Prince William, the Duke of Cambridge, is leaving operational service with the British armed forces after more than 7½ years of full-time military service to focus on royal duties and charity work, Kensington Palace announced on Thursday.
William, 31, who has served as a search-and-rescue helicopter pilot in Wales since 2010, completed his final shift earlier this week.
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He will continue to support the work of the Queen and the Royal Family through a number of official engagements, both at home and abroad along with his wife Catherine, the Duchess of Cambridge.
"The duke is currently considering a number of options for public service," a release said.
William, who is second in line to the throne, will focus on his work on endangered species and is "considering a number of options for public service."
Signalling his new path, William joined sports stars David Beckham and Yao Ming on Thursday in recording public service announcements to call for an end to the illegal trade of rhino horns and ivory.
"At the root of the illegal wildlife trade … is the demand for products that require the deaths of tens of thousands of these animals every year, pushing them further towards extinction," said William in the public service announcement. "We must work together to prevent this catastrophe and allow our children the opportunity to experience wildlife in its many beautiful and varied forms."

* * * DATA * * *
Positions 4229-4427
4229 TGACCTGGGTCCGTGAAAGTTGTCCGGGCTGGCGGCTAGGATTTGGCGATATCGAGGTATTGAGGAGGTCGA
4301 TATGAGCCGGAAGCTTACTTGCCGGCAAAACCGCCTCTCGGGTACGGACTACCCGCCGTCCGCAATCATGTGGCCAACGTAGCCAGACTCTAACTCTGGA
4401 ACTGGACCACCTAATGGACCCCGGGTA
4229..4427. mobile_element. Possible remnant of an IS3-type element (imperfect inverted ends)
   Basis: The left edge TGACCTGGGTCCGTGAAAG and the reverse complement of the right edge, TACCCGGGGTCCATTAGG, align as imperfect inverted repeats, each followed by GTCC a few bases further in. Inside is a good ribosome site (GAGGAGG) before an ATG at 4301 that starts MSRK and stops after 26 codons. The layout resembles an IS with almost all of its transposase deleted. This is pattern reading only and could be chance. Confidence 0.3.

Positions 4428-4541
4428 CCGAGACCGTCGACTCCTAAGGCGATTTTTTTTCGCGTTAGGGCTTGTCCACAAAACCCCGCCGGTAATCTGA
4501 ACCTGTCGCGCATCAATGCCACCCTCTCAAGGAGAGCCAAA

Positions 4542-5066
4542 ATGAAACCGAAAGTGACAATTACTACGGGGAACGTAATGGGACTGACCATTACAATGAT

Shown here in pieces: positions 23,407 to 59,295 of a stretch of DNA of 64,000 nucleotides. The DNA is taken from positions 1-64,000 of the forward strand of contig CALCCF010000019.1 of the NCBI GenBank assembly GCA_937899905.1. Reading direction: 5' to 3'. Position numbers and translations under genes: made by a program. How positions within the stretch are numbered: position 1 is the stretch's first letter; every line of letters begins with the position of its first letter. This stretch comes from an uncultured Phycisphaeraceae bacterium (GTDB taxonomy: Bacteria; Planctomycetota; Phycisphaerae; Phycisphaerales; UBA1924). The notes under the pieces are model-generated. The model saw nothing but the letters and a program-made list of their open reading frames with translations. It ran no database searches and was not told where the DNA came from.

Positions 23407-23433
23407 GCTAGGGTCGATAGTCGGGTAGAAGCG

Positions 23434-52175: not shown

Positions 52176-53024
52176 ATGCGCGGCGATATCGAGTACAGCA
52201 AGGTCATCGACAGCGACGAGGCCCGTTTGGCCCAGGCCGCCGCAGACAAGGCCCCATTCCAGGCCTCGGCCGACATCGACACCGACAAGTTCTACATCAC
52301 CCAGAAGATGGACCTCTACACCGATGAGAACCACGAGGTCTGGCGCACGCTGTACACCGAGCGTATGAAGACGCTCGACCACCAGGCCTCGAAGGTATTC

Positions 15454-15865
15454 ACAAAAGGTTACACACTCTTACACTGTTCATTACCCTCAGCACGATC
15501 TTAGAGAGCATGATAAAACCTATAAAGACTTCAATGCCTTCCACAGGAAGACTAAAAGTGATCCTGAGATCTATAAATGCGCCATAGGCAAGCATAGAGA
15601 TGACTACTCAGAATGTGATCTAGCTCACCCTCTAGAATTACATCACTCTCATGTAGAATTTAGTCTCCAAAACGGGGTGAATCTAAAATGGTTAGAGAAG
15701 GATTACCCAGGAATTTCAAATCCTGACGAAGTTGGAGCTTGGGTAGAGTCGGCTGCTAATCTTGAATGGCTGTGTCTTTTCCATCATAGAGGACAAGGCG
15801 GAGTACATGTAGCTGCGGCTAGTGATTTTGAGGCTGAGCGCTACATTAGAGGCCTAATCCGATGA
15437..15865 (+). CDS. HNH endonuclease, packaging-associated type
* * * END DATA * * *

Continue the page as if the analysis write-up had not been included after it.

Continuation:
On Thursday evening, the duke and duchess attended the inaugural Tusk Conservation Awards at the Royal Society in London.
The couple welcomed their first child, Prince George, in July.
William, Kate and their newborn son are expected to move into their official residence at Kensington Palace in London in the coming weeks.
The couple had been living in a rented home on the quiet island of Anglesey in north Wales, where they were able to enjoy a degree of privacy among residents and fellow military personnel.
Kensington Palace said William had participated in 156 search-and-rescue operations, helping to rescue 149 people. He has completed more than 1,300 flying hours.
Air Chief Marshal Andrew Pulford said William flew in demanding conditions in the mountains of north Wales and in the Irish Sea.
"He has earned the respect of all who have worked with him as a highly professional and competent pilot," he said.
William's younger brother, Prince Harry, remains active in the military and has served in Afghanistan as an Apache helicopter pilot.